Another huge performance from Remco Evenepoel in Vuelta a España 2022, finally dropping every one of his GC contenders on the steep slopes of Les Praeres. The Belgian beat Simon Yates’ record on the climb by 16 seconds and extended his lead in the general classification.
It was a hard day with multiple medium mountains, raced aggressively from the start. The stage finished with the only rampas inhumanas climb in this Vuelta, the super steep Les Praeres (3.9 km, 12.7%) climb. This climb was previously used in the 2018 Vuelta, where Simon Yates on won on Stage 14, beating Miguel Angel Lopez and Alejandro Valverde by 2 seconds. Curiously enough Yates, Lopez and Valverde finished today in the same order as in 2018 on Les Praeres but were only the 6th, 7th and 8th fastest GC riders and lost more than a minute to Evenepoel.
The breakaway did not form immediately. It was only established after 40 kilometres into the race before the first categorized climb, with Quickstep-Alphavinyl not allowing Jay Vine into the breakaway. The biggest GC threat in the front group was Thymen Arensman, who was 11th in GC and only +3:18 min behind Evenepoel. With Arensman in the group, Movistar and other teams might have helped Quick-Step chase, to protect their position in GC. However a weird thing happened when Arensman dropped out of the breakaway by himself, perhaps because other riders told him to do so, which is common in cycling if a rider is too close in the GC and ruining the other riders chances at winning from the breakaway.
The peloton finally eased up, and two time stage winner Jay Vine tried once again to bridge the gap, with Marc Soler and Santiago Buitrago, but their move was neutralised by Quickstep. During their attempt Joao Almeida, one of the pre race favourites, even lost contact with the peloton. Almeida is known for pacing himself and riding at a constant tempo but even he did not appear to be too relaxed in this situation, getting on the radio to the team to tell them he is caught behind.
Louis Meintjes was by far the best climber out of anyone in the breakaway and Les Praeres is a climb which suits him even compared to some GC riders, with his very low weight. The breakaway had a 3 minute advantage over the peloton before Les Praeres, which was enough for the other riders to try and work over Meintjies before the climb started. However the South African was smart, rode his own tempo and won his first World Tour stage at age 30.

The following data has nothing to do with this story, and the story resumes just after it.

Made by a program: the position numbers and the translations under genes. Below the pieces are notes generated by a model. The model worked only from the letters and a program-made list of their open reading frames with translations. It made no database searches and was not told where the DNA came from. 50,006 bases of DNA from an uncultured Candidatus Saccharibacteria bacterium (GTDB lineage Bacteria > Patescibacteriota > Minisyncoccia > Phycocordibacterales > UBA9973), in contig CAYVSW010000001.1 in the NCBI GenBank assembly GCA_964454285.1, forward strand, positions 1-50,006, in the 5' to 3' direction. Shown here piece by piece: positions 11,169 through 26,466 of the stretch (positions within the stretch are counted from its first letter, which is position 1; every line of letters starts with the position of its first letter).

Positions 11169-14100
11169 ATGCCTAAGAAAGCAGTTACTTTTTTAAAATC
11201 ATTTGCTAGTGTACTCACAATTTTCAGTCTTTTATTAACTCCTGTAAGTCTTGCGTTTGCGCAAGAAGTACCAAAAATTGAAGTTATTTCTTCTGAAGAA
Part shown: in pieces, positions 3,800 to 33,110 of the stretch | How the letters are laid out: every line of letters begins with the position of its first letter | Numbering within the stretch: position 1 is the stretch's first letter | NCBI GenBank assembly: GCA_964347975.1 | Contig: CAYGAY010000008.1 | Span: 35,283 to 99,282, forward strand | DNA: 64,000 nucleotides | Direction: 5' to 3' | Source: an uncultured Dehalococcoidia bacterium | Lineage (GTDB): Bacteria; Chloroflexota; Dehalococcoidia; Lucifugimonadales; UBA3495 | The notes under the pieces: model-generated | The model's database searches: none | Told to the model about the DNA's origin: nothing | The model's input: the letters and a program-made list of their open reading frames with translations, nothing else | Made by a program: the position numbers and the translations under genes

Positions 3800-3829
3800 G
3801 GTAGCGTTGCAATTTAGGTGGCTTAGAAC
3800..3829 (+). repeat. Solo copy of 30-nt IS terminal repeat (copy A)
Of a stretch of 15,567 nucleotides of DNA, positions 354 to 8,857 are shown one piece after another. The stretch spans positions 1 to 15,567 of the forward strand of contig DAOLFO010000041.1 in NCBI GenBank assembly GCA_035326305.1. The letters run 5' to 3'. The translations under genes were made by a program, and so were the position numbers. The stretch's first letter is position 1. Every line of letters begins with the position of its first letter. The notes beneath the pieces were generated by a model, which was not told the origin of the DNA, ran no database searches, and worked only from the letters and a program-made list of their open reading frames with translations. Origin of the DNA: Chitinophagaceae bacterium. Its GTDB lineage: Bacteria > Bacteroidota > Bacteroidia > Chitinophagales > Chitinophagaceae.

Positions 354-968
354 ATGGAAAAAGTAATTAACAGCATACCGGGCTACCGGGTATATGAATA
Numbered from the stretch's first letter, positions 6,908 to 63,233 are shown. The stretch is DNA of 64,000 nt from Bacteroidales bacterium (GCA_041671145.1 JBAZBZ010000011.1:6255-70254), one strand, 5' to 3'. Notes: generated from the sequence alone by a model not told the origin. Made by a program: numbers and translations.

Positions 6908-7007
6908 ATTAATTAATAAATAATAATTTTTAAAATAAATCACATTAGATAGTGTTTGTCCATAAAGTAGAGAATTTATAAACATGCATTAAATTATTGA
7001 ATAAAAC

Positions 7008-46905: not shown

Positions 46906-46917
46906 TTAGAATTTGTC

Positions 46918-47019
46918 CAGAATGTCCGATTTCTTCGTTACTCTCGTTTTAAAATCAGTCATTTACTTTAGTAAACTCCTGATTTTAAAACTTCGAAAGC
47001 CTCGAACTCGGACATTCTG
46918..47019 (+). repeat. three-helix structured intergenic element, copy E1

Meintjes did an estimated 6.20 w/kg for 16:33, which is a very strong performance after a hard day in a small group, especially when they were working against him. He beat the closest rider, Samuele Battistella, by 1:01 minutes. Intermarché-Wanty-Gobert Materiaux has revived the careers of climbers such as Meintjes, Jan Hirt and Rein Taaramae, who are all over 30. Domenico Pozzovivo at age 39 even finished eighth in Giro d’Italia after he almost retired, receiving no offers from other teams in the last off-season until Intermarché picked him up as the season commenced.
Meanwhile in the peloton, Remco Evenepoel was untouchable. Julian Alaphillipe did his best to position Evenepoel because before the final climb was a short technical descent, where Tao Geoghegan Hart and Chris Harper crashed. Evenepoel was well positioned by his teammates and it was inevitable that he would be the fastest from the GC group again.
Les Praeres is a steep wall where the drafting effect is very reduced. The perfect climb for Evenepoel who loves to set his own pace and does not care about his rivals on his wheel. Surprisingly, 19-year-old Juan Ayuso was confident enough to accelerate from the GC group right at the start of Praeres, but it was not long after Evenepoel set his pace and dropped everyone for the first time this Vuelta – this time including Enric Mas who is in his best climbing shape.
Evenepoel made huge gaps and did another great performance. He produced an estimated 6.83 w/kg for 15:06 minutes, beating Simon Yates’ record by 16 seconds. It was a great day for Spanish cycling as Ayuso finished second from the GC group with Enric Mas and Carlos Rodriguez following him close behind. Primož Roglič who has been the best rider on steep ramps for the last few years, lost 46 seconds to Evenepoel after entering the climb in bad position. A tough day for Jumbo-Visma, who also lost Roglič’ teammate Sepp Kuss before the stage, due to illness.
By pure w/kg standards this was not Evenepoel’s Top 3 performance in his career but it was still an extremely high level performance. Overall it was a hard stage with a lot of fatigue before the final climb and two difficult stages preceding it in the last three days. Evenepoel busted many myths on this stage about him that he cannot perform in heat, on steep climbs (he already did a great performance on the steep Erlaitz in San Sebastian Classic), on hard stages and back to back mountain days. The final hurdle for Evenepoel in this Vuelta is whether he can conquer the altitude in the upcoming Sierra Nevada stage.
After the first rest day, the next stage will be a 30.9 km flat time-trial, which will finish in Alicante. Evenepoel very likely will win with even a minute gap over second place, which is realistic, considering his shape. Jay Vine lost 13 minutes intentionally to Evenepoel and now likely will focus on hunting stages and KOM points.
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One unusual feature of this Vuelta stage came on social media, with Joel Embiid, one of the best basketball players in the world, tweeting about the new generation of cyclists, having obviously watched the stage.
Embiid tweeted also after the Tour de France in French saying he thought Pogačar would win 10 Tour de France’s in a row but Vingegaard was too strong. Embiid knows cycling so well that he mentioned that Pogačar made a big mistake following Roglič on Col du Granon stage, which might have cost him the Tour.